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Occupy L.A. Teaches About Money, Politics And Obama Playing Dead

Sophie Elkus |
November 5, 2011 | 7:43 p.m. PDT


Hundreds of listeners gathered outside Los Angeles City Hall Saturday afternoon to witness a panel of notable speakers share their contempt of large, powerful corporations and need for a youth-led political revolution.

A band of trumpeters played an opening melody for a young rapper, and a little girl on a man’s shoulders waved a sign and shouted “occupy the future!”

The scene was part of an Occupy L.A,-sponsored “teach-in” event, organized by the protest group that has lived on the North Lawn of the building for the past five weeks.

On the agenda, talks about cutting defense funding, making healthcare available and deregulating national banks.

Robert Scheer, executive editor of truthdig.com, roused the audience with his concern of widespread poverty due to “this housing meltdown,” which he called “a disaster of national proportions,” and his disappointment in President Barack Obama for spending much of the government’s funding on defense and not enough on healthcare.

Similarly to the other speakers, Scheer made clear his distaste for large corporations. He cited CEO of General Electric Jeffrey Immlet as a negative choice for Obama’s Economic Advisory Board.

“If anybody would have told me that the guys I voted for would put the same scoundrels in power, I wouldn’t have done it,” Scheer said.

“You should have known it, Bob!” a man shouted from the crowd in response.

Scheer cited the United States’ “so called war on terror” as a main financial drain.

“We spent more than all the other countries combined, and we claim we don’t have money to solve our own problems,” Scheer said.  “It is absolute garbage.”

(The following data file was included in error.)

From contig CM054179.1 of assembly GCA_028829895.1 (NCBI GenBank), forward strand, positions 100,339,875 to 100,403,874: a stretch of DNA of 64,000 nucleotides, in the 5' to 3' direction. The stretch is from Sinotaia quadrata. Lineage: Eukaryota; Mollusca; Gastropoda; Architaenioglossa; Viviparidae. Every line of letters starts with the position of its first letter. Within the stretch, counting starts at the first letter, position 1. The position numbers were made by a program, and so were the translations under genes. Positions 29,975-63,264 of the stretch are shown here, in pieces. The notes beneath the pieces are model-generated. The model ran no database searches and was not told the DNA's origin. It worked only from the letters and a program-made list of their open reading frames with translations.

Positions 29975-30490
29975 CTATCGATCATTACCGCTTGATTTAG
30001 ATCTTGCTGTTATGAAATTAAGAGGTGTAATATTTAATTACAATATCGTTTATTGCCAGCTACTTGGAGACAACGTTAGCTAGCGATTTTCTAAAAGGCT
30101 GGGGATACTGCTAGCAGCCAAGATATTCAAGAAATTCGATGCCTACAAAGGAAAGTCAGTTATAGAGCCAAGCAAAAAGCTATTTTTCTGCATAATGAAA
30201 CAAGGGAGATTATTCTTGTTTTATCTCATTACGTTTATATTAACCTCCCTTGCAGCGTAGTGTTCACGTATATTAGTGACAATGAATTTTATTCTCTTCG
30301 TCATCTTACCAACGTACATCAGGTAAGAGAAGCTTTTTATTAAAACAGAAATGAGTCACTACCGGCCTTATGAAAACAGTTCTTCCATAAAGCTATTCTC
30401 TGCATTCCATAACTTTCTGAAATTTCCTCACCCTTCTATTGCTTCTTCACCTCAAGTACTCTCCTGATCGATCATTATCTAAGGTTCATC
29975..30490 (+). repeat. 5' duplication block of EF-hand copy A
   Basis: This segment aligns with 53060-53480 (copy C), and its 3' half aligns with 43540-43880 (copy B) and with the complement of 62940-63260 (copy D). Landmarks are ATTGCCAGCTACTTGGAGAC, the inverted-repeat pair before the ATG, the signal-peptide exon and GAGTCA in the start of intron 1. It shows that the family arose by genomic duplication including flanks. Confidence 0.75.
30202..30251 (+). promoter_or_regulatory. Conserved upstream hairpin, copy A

Also on hand to discuss the issue of large corporations was Robert Reich, a professor of public policy at UC Berkeley and a former U.S. Labor Secretary. He blamed corporations for exploiting Americans due to their need for customers and demand.

“We bailed out the banks,” Reich said. “Why can’t we bail out average working people? American corporations are now sitting on $2 trillion of cash they don’t know what to do with.”

He advised the audience to educate themselves further on the effects of money in the political sphere with Get Money Out, an organization working to draft a constitutional amendment for public debate this fall.

Social worker Julie Levine, an Occupy L.A. advocate living on City Hall’s north lawn since the inception of the protest, cited the movement as a huge step towards change. She has facilitated general assembly meetings at the site and worked with young adults to clearly articulate their protest goals.

“I felt for a long time that it was wrong that corporations were getting rich and writing laws. I care about children and families, and if you don’t have your basic needs met, you don’t have time to make an impact,” Levine said. “This is the movement I’ve been waiting for.”

She described the Oct. 26 protest at the House of Blues during Obama’s visit the most notable moment of activism. Groups of young adults “stormed in, shouting ‘We are the 99th percent!’”

“It was a wonderful thing,” Levine said. “Young people leading and being efficient.”

Levine disagreed with Reich’s approach to reform the current system, calling him “pretty tied to the democratic system.”

“We need to find our solutions outside the system, and I’m not sure he is quite there yet,” she said.

Levine did, however, agree with Reich and Scheer on Obama’s lack of action and proactive thought.

“I’ve seen him roll over and play dead,” Levine said. “I cannot in good conscience vote for him again.”

Despite Obama’s policy choices, Reich is confident that movements like Occupy L.A. are a step in the right direction.

“When something has gone out of whack in our country’s history, people rise. Americans can do it if we are patient, non-violent, and organized,” Reich said.

Other speakers today at the teach-in event were University of Missouri professor William Black, University of Wisconsin professor Joel Rogers, Wall Street financial analyst Michael Hudson, Executive Director of Center for the Study of Political Graphics Carol Wells and UC Berkeley professor George Lakoff.

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